The problem with grad school (yes, it relates) is that you get this critical voice in your head. Not a good critical voice, mind, but a nasty, critical voice that thinks everything is a sham and that people shouldn't like TV and that nothing good every happened to anyone. It'll fade with time, but for now, it's omnipresent.
It's not always a horrible thing. I spend a lot of time arguing with it which helps me to refine my particular oppositional perspective. Until I get sick of the whole thing and think exasperatingly, "Entertainment is just entertainment." But nothing will lighten the seriousness of the self-appointment seriousees. You just have to walk away. Which I will when I graduate. So there. Nahnahnahnah.
Anyway, I was thinking about nostalgia today, and how the Harriet Beecher Stowe-like reminiscences of yesteryear were very much like my childhood. I had the big Thanksgivings and the present/tree-filled snowy Christmases and the huge backyard where we played Capture the Flag and Hide 'n' Seek. I had an Elizabeth Enright childhood.
The critical voice insists that I didn't really have all those things, I just thought I did. Really, what with pesticides in the air and the zooming divorce rate and intercity problems and Reagan as president, I must be kidding myself. Not to mention all the problems of belonging to the 70s as well as being a baby boomer product as well as being a baby boomer myself (yes, it is possible if your parents grew up during the Depression, got married in their mid-twenties and had you in 1971). I can just imagine the scorn: "Oh, you had a happy childhood while people were starving all over the world."
And I immediately thought, But I wasn't happy. If anything, I was a worried kid. And I think that here the critical voice has a point, except for the wrong reason. It isn't that I had a bad childhood. I had a rather bizarrely good one. It's that children, like pets, don't actually experience happiness. They are too busy reacting to the world around them. All that sensory input. All that change, growth, hormone spurts here and there (rehearsal for the big rollercoaster of teenagehood). The memory of happiness occurs in retrospect. Which doesn't make the memory wrong. Or right. I also happen to think that angst and unhappiness occurs in retrospect (on CSI a couple of weeks back, Sarah was describing her horrible childhood to Grissom, abusive parents, etc., and she said, "I didn't know that other people had different lives," or words to that effect. "I didn't know that all families weren't like mine.")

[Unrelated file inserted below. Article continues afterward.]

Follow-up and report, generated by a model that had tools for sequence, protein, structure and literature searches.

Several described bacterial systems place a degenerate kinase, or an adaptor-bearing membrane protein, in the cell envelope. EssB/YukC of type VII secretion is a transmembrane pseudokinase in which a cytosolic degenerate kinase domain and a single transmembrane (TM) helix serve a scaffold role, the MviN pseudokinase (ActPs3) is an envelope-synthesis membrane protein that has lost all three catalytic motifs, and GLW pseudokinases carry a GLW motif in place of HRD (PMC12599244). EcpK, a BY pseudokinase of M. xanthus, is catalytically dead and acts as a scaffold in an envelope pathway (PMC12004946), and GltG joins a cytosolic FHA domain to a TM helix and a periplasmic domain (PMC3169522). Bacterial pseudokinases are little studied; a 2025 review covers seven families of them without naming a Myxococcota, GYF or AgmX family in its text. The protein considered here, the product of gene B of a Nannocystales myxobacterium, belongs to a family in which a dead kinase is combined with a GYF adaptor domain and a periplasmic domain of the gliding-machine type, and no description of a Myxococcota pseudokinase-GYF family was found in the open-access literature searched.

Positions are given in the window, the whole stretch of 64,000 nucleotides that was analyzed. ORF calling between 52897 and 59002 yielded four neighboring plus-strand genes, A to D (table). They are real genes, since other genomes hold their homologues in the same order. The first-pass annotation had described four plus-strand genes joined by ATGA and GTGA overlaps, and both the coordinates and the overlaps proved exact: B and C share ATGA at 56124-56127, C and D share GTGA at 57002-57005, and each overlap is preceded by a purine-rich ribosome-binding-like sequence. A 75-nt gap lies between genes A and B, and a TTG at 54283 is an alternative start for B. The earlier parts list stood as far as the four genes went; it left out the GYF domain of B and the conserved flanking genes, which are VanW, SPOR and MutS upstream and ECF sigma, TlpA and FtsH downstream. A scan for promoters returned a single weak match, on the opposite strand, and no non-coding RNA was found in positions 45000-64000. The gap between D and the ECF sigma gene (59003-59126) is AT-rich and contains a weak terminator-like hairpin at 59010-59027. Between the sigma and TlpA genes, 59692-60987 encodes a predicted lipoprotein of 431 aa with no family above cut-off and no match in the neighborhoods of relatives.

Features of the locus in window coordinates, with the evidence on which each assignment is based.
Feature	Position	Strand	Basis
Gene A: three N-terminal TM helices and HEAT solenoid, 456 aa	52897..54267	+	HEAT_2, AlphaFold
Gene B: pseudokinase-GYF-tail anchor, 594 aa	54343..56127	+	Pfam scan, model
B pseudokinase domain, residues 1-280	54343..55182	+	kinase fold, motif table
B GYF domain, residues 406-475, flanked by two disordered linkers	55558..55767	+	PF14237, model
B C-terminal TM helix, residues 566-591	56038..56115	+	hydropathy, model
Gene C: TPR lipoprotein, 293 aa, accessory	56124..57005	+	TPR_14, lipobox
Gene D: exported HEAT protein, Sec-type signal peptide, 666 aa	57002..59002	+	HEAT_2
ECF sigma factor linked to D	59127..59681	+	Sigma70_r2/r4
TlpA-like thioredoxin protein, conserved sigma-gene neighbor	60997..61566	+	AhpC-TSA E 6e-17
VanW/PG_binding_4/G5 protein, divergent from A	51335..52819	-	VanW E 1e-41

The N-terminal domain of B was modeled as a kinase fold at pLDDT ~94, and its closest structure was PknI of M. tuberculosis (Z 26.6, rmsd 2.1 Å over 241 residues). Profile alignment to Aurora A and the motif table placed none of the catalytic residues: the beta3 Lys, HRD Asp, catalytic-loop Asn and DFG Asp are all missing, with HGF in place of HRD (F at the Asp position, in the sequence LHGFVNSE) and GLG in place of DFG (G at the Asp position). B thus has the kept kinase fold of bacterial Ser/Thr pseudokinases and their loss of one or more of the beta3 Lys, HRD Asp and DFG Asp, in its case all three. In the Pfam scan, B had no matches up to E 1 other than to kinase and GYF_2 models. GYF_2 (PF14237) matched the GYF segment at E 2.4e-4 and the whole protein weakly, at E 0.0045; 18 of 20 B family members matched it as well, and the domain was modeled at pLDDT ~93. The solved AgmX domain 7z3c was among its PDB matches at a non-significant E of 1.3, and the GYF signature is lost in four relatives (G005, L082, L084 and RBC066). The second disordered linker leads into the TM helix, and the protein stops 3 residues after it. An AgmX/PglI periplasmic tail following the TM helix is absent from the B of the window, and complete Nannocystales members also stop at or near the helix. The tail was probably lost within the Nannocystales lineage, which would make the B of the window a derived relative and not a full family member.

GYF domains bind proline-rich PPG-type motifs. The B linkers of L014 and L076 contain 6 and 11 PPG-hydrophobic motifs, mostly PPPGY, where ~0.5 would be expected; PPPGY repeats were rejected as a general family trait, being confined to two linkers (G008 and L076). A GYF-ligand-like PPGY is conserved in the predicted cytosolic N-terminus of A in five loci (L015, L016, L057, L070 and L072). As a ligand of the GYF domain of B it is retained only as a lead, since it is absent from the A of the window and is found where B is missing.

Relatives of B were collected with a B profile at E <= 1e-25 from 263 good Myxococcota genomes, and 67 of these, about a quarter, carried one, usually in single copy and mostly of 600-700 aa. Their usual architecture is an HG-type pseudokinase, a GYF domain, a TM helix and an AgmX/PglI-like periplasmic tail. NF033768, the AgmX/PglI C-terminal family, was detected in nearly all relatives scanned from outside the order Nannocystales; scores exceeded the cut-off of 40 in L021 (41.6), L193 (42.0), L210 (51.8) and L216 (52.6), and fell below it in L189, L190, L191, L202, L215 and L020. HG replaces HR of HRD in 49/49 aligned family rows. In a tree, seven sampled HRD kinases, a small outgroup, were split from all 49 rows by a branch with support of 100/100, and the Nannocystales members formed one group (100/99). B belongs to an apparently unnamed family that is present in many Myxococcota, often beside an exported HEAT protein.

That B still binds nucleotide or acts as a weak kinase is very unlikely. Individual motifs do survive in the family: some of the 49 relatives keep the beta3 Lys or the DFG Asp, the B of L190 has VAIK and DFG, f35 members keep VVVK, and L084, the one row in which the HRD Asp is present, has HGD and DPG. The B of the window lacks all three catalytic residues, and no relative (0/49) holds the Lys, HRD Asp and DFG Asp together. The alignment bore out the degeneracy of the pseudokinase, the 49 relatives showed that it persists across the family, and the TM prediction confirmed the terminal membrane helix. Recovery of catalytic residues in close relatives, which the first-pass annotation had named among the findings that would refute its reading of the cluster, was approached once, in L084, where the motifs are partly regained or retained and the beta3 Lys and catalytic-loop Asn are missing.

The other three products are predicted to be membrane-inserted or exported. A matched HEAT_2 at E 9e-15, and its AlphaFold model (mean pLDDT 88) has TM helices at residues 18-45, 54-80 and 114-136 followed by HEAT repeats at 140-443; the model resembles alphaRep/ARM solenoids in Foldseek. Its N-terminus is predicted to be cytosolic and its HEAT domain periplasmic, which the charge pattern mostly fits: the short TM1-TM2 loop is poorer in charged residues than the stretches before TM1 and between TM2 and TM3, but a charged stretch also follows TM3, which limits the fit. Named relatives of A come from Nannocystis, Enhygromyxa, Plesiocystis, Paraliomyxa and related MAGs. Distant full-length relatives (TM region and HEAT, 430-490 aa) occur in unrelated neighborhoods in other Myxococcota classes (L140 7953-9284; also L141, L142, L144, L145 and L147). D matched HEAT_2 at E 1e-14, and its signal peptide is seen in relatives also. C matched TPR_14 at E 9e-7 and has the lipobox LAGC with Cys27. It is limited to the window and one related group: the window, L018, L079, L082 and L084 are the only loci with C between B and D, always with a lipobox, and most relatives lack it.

As we go through life, we choose, reality-show-wise, what pieces of our past to remember, to organize, to publish. Which doesn't mean those things didn't happen. The point is not that everything we experience is in the eye of the beholder, the point is that the emotions of past events (happiness or fear or dread) are thrust backwards onto those events. We identify and label the emotion content of our memories. But since we are doing this in the future, a great deal of confabulation (great word, by the way) takes place, and the emotional content becomes more of a present-day creation than a real memory.